By Benje Patterson*
The Reserve Bank’s target interest rate, the Official Cash Rate (OCR) has been slashed to a record low of 1.00%. Against a backdrop of a burgeoning international trade war, Reserve Bank Governor Adrian Orr is worried about being left behind in an international race-to-the-bottom to devalue currencies and support exporters.
The problem now is that the Governor has become impotent if he wants to further support a slowing economy by conventional means.
Immediately after slashing the OCR by 0.50%, the main banks reduced their two-year mortgage rates by just 0.04%. A mere $40 per annum saving on each $100,000 of mortgage! Hardly enough to party at the shops with.
The reality is that the banks source a lot of their money on international markets, where the OCR is irrelevant. And even for domestically-sourced funds, the banks are somewhat constrained. Banks can’t afford to cut term deposit rates much more or their steady supply of relatively cheaper domestically-sourced bank funding may dry up.
This situation is problematic for the Reserve Bank.
The traditional theory that cutting the OCR will prompt more spending has reached its limits.
Adrian Orr has used up virtually all his ammunition. Trying to stimulate demand by cutting the OCR further from a 1.00% starting point is like taking a scalpel to a sword fight.
But just because Adrian Orr is impotent, doesn’t mean that the government is.
Take the Finance Minister Grant Robertson for example. If he really wants to pump up the economy, then he has options.
Minister Robertson could either cut taxes, or boost spending on big projects.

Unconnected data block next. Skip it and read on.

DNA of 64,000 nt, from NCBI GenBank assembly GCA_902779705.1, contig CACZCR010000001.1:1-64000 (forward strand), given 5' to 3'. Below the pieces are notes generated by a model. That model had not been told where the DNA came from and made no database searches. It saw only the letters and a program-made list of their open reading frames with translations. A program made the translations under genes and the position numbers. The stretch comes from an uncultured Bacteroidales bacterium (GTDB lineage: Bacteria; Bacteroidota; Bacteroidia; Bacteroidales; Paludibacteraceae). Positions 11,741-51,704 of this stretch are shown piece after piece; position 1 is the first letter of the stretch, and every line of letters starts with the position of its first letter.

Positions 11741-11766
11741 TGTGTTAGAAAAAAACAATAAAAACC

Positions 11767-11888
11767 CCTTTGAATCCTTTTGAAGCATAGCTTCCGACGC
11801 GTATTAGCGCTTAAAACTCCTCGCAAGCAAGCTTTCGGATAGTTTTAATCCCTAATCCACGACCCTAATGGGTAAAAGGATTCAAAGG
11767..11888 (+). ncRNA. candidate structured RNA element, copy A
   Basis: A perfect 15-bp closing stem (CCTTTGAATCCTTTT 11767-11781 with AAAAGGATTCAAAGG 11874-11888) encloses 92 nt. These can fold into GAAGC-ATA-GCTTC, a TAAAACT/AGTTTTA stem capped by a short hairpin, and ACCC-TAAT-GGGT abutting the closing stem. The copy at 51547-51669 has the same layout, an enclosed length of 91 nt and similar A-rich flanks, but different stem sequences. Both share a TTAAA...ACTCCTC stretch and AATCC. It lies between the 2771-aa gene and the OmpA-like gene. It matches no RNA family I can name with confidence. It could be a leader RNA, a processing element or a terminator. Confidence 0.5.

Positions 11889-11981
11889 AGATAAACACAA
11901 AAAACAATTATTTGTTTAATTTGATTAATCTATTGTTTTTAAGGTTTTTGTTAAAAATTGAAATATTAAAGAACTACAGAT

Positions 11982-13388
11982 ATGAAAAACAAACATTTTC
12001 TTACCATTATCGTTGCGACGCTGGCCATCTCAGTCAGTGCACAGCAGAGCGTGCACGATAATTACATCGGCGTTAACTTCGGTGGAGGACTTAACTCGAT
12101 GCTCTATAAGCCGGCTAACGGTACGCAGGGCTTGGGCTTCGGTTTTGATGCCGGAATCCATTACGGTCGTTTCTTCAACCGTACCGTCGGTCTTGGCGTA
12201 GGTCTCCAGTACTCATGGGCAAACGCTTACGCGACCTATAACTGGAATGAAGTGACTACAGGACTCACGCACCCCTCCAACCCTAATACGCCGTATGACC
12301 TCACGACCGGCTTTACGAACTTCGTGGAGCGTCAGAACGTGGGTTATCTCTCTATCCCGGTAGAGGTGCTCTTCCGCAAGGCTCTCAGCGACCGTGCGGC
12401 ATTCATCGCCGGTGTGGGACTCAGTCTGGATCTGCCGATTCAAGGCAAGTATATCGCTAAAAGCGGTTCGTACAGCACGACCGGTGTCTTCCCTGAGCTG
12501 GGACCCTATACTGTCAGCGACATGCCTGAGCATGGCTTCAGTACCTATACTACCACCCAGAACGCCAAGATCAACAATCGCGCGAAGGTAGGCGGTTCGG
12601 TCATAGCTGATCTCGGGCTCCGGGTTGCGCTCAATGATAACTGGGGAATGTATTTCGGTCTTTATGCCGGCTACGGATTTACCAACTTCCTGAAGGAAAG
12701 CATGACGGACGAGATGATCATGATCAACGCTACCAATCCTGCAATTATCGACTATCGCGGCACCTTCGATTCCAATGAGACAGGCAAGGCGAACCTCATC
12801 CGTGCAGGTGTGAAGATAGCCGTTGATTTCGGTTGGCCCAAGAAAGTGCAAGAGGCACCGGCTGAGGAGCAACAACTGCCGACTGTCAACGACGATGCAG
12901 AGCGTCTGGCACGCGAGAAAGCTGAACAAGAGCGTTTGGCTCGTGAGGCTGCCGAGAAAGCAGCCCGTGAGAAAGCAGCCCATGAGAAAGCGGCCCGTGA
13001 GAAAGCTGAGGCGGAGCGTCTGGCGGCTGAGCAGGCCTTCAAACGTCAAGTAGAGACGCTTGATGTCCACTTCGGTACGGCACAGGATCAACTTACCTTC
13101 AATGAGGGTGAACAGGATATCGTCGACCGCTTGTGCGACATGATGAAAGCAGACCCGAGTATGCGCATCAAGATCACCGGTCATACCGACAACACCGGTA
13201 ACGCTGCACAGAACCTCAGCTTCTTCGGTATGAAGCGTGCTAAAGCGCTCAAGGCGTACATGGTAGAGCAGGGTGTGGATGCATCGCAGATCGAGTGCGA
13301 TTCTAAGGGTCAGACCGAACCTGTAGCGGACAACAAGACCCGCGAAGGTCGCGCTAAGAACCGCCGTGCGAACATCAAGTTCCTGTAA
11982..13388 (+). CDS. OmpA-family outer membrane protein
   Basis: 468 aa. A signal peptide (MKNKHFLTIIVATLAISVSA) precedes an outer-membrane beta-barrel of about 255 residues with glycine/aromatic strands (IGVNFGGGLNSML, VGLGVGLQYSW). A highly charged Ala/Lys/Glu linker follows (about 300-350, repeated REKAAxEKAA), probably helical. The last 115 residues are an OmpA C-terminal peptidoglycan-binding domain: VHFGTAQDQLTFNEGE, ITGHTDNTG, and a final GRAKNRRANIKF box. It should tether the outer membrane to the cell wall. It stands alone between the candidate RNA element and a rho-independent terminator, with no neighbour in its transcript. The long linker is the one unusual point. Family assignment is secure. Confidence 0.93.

Spending on big projects would take a long time to take effect. Precious time that we would not have in a real crisis.
That leaves tax cuts as being the best short-term option.
And even better, would be to target these tax cuts at lower income households via a cash handout.
The idea is that these people will spend an unexpected cash windfall, which in turn will boost the bottom line of businesses around them. Giving money to the rich is less effective as they are more likely to not need the money and simply salt it away.
Minister Robertson could ask the IRD to put their fancy new computer system to work and deposit say $1,000 into the accounts of a target group.
This type of approach worked a treat for Australia in 2009, where Prime Minister Kevin Rudd gave $950 to most people. Unlike New Zealand, Australia warded off a recession at that time.
At least New Zealand is in a good starting point for considering such options. Our government’s debt is low by international standards, so it shouldn’t be hard to borrow a little more to stimulate demand should the s**t really hit the fan for the economy.
*Benje Patterson is an economist. This article first appeared here and is used with permission.